Is Barisan Nasional’s ‘divide and rule’ policy grating on the local Bidayuh community, who pride themselves of being cohesive? It appears so judging from the warning issued by a former leader of the Dayak Bidayuh Nasional Association (DBNA).
Ex-DBNA vice-chairman Edwin Luak has slammed BN leaders for stoking disunity and using the association as a pitching ground from BN candidates.
“BN political leaders should be aware that DBNA is an association for the Bidayuh community irrespective of their political ideologies, religious beliefs, dialects or which areas they come from.
“The various dialects, the different geographical regions and different religious beliefs of the community have not divided the community.
“They (BN) should therefore practise what they preach. How could you preach unity among the community when you are alienating yourself from those who do not subscribe to your political belief?” he asked.
Luak was responding to a recent call by Pesaka Bumiputera Bersatu (PBB) party senior leader Michael Manyin to maintain the BN status quo in the community.
Accusing Manyin of stoking disunity among Bidayuhs in DBNA, Luak said: “DBNA has always been apolitical and it must remain so.
“The Bidayuh community has always been united and it has always been unity in diversity.”
Personal political mileage
He added that even when the Sarawak National Party (SNAP) was in the opposition until 1976, DBNA was strong.
“When Parti Bansa Dayak Sarawak (PBDS) was having strong influence in the Bidayuh community, DBNA remained an icon of unity for the Bidayuhs.
“The various dialects, the different geographical regions and different religious beliefs of the community have not divided the community,” Luak said.
He criticised Manyin for using the association as a ‘Barisan Nasional political tool’ in order to gain political mileage among the Bidayuh community.
Luak, who is a permanent member of the association, was commenting on a dinner organised by DBNA in Bau last weekend during which BN political leaders including Manyin politicised the gathering for their political mileage.
Among the things that Manyin, who is DBNA adviser and Minister for Infrastructure Development and Communications, said was that he wanted ‘status quo’ for the three Bidayuh parliamentary seats of Serian, Mambong and Mas Gading.
In other words, he wanted Richard Riot to defend Serian, James Dawos Mamit to defend Mambong and Tiki Lafe Mas Gading.
“My duty is to make sure these seats remain in BN after the coming election. It is not important who and where the candidates are from.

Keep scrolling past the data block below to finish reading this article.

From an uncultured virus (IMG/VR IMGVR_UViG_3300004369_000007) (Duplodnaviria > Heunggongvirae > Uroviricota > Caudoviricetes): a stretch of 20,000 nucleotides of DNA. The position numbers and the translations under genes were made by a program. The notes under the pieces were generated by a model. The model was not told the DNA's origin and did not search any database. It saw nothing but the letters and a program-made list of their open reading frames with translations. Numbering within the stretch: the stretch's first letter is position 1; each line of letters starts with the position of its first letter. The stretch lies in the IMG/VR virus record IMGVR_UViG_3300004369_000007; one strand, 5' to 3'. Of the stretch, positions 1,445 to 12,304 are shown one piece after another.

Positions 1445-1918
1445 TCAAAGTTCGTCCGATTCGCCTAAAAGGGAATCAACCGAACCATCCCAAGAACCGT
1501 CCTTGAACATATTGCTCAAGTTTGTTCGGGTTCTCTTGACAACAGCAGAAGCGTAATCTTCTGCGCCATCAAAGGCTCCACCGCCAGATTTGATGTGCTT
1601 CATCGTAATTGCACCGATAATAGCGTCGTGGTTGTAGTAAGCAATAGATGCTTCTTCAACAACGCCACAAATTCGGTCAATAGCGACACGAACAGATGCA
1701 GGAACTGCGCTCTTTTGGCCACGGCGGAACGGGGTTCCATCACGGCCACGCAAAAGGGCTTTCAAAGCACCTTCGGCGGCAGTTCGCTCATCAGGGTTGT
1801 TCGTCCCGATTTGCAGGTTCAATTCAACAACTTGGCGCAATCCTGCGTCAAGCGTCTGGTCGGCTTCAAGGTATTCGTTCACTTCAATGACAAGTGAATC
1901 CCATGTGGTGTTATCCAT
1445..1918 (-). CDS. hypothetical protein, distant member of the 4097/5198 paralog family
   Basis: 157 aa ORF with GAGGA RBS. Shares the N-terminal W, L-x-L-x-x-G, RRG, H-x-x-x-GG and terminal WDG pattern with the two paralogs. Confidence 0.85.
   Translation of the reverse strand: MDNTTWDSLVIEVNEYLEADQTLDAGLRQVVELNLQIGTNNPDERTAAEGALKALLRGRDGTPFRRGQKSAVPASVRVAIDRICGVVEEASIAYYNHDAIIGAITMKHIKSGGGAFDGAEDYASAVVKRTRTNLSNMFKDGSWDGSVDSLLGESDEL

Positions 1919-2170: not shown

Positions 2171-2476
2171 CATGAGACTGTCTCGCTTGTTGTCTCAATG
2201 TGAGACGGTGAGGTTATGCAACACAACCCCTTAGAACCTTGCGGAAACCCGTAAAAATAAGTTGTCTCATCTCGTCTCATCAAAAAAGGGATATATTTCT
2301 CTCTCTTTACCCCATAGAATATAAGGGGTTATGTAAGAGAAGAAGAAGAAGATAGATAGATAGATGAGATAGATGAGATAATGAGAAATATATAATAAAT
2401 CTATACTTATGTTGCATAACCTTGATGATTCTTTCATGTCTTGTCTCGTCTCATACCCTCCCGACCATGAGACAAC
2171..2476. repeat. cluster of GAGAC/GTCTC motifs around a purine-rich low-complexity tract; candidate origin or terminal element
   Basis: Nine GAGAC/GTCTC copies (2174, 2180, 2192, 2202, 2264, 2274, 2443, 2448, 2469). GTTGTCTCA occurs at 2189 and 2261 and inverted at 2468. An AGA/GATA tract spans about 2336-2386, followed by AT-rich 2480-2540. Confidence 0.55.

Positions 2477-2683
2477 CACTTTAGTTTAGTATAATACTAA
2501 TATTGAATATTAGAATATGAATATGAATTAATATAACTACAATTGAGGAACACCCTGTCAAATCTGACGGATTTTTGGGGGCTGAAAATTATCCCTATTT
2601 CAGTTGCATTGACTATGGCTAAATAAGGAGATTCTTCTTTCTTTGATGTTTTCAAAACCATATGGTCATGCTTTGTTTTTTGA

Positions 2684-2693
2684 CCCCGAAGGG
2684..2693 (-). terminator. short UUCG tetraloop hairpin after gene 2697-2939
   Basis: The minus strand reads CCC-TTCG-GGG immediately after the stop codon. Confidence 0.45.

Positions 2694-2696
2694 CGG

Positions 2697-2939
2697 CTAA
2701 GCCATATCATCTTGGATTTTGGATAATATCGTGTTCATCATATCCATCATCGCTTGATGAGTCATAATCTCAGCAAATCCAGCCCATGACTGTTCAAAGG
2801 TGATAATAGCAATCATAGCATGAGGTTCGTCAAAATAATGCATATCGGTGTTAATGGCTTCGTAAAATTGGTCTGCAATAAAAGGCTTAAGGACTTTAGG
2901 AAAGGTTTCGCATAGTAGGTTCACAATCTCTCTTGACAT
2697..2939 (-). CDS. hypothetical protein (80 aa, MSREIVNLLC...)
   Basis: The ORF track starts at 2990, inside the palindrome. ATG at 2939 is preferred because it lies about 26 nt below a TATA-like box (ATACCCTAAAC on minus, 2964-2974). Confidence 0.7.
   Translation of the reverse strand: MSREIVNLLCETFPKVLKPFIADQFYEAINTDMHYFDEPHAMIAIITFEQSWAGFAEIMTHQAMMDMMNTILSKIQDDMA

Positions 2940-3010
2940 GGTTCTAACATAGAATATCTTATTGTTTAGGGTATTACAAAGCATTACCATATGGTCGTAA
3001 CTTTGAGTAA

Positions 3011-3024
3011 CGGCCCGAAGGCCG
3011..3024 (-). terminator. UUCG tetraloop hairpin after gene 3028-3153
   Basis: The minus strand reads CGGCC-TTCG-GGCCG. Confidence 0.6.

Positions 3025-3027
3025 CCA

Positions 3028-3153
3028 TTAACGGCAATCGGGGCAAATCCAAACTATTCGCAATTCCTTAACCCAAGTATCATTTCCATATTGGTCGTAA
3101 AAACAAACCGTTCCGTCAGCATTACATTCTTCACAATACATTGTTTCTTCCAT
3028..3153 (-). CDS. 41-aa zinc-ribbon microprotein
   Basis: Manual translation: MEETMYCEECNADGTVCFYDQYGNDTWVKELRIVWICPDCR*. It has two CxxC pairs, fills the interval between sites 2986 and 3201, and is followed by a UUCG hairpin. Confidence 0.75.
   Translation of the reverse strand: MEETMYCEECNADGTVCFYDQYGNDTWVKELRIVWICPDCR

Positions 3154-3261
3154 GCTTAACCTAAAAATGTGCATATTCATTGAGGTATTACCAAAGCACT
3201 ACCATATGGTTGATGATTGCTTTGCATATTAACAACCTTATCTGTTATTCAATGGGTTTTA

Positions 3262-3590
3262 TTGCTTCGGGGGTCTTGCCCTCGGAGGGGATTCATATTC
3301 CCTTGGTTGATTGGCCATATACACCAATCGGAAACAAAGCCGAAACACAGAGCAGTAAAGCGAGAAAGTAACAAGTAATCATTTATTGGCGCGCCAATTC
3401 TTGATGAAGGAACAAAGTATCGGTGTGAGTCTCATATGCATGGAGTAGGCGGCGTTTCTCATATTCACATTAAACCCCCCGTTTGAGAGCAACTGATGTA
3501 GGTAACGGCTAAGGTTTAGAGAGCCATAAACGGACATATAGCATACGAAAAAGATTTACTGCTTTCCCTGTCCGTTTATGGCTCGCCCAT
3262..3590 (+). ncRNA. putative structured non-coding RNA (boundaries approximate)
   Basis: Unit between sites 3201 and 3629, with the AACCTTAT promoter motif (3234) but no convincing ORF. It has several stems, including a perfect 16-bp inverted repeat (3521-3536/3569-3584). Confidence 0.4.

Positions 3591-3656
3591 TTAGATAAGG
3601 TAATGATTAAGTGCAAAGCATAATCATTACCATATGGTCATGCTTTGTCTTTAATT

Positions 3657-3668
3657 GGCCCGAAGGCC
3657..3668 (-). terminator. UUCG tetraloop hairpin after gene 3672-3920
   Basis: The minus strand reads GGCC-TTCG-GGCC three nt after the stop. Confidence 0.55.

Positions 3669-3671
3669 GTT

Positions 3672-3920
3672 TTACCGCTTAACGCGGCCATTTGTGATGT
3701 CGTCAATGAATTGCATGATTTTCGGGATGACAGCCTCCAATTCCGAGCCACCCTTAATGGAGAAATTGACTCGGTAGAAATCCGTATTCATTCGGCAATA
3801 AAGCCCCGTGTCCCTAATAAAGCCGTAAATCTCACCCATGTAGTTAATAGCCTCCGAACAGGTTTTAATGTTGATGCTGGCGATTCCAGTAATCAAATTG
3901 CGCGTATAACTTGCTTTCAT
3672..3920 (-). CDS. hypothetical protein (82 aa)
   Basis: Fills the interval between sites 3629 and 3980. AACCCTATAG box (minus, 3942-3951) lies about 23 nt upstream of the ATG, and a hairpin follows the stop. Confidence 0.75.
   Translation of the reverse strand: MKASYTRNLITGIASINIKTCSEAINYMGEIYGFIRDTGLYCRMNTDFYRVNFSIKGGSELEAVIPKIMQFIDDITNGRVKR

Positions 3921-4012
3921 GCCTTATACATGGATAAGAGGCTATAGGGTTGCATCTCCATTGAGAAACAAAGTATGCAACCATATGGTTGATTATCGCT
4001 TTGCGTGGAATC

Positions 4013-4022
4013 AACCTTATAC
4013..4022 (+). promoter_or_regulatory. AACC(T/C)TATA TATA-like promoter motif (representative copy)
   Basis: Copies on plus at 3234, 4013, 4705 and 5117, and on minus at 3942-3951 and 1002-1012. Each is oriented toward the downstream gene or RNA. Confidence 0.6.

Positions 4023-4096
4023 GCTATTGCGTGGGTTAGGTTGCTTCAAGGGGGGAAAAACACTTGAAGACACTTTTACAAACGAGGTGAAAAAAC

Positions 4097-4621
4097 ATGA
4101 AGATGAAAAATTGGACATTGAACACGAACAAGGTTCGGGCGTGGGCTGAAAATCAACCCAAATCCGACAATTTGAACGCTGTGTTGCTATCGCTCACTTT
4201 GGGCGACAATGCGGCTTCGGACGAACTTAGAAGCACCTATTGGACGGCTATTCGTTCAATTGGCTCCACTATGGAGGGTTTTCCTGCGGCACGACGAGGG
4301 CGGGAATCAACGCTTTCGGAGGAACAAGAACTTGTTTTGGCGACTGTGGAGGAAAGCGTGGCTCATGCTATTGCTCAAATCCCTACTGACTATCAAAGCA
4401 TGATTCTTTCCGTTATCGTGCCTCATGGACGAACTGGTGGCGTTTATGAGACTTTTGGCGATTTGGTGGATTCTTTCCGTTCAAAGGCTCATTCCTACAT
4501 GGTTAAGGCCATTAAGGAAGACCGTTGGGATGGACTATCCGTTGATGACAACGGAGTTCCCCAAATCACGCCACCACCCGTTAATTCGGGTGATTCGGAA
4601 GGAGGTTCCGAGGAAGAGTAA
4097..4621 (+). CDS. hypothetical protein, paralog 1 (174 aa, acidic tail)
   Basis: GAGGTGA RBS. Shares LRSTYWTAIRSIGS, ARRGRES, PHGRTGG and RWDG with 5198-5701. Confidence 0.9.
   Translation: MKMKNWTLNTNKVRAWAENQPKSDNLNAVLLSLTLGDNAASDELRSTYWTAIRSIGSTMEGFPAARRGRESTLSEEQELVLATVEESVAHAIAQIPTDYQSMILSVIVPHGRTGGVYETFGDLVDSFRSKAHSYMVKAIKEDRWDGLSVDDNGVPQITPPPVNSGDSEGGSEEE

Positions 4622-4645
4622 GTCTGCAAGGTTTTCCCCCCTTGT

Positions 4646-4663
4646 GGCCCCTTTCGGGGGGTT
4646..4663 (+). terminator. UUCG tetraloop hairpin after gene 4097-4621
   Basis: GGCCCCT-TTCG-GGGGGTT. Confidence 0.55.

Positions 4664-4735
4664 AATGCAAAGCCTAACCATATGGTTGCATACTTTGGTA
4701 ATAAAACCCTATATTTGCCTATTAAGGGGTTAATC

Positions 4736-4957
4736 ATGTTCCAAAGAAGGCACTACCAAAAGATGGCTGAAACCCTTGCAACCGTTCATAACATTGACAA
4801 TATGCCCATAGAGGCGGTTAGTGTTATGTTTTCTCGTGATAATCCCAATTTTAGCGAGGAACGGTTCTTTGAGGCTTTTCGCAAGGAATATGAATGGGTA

“What is important is that they are nominated by Barisan Nasional. That is important and that is what all of us should look at while campaigning for the candidates and casting our votes during the D-Day” he said alluding to the fact that Lafe is currently a partyless but BN-friendly MP.
Lafe and four other elected other representatives had quit Sarawak Progressive Democratic Party (SPDP) after a fall-out with its president William Mawan.
Commenting on Manyin’s remarks, Luak, who is chairman of DAP Serian branch said: “DBNA is a cultural and social organisation meant to safeguard the culture, customs and traditions of the Bidayuh community.
“The members used to detest any attempt to inject political ideology into the association.
“Years back it was decided in its general assembly that the president of the association be held by a non-politician.
“Thus Peter Minos who was in PBB had to step aside to give way to James Dawos who was then not in politics.
“When Dawos entered politics, he declined to seek re-election for the presidency in order to give way to the current president Ik Pahon Joyik, a civil servant,” he said.
He said that DBNA since its inception in the 1950s has successfully united the community.
“Of late there have been events organised by DBNA which have been capitalised by BN political leaders for political mileage of the Barisan Nasional. The latest and the most grand one was held at the Bau Civic Centre last Sunday.
“Similar dinners are in the pipeline, one in Siburan and other in Serian. Speeches of BN political leaders at such functions are politically venomous against the opposition.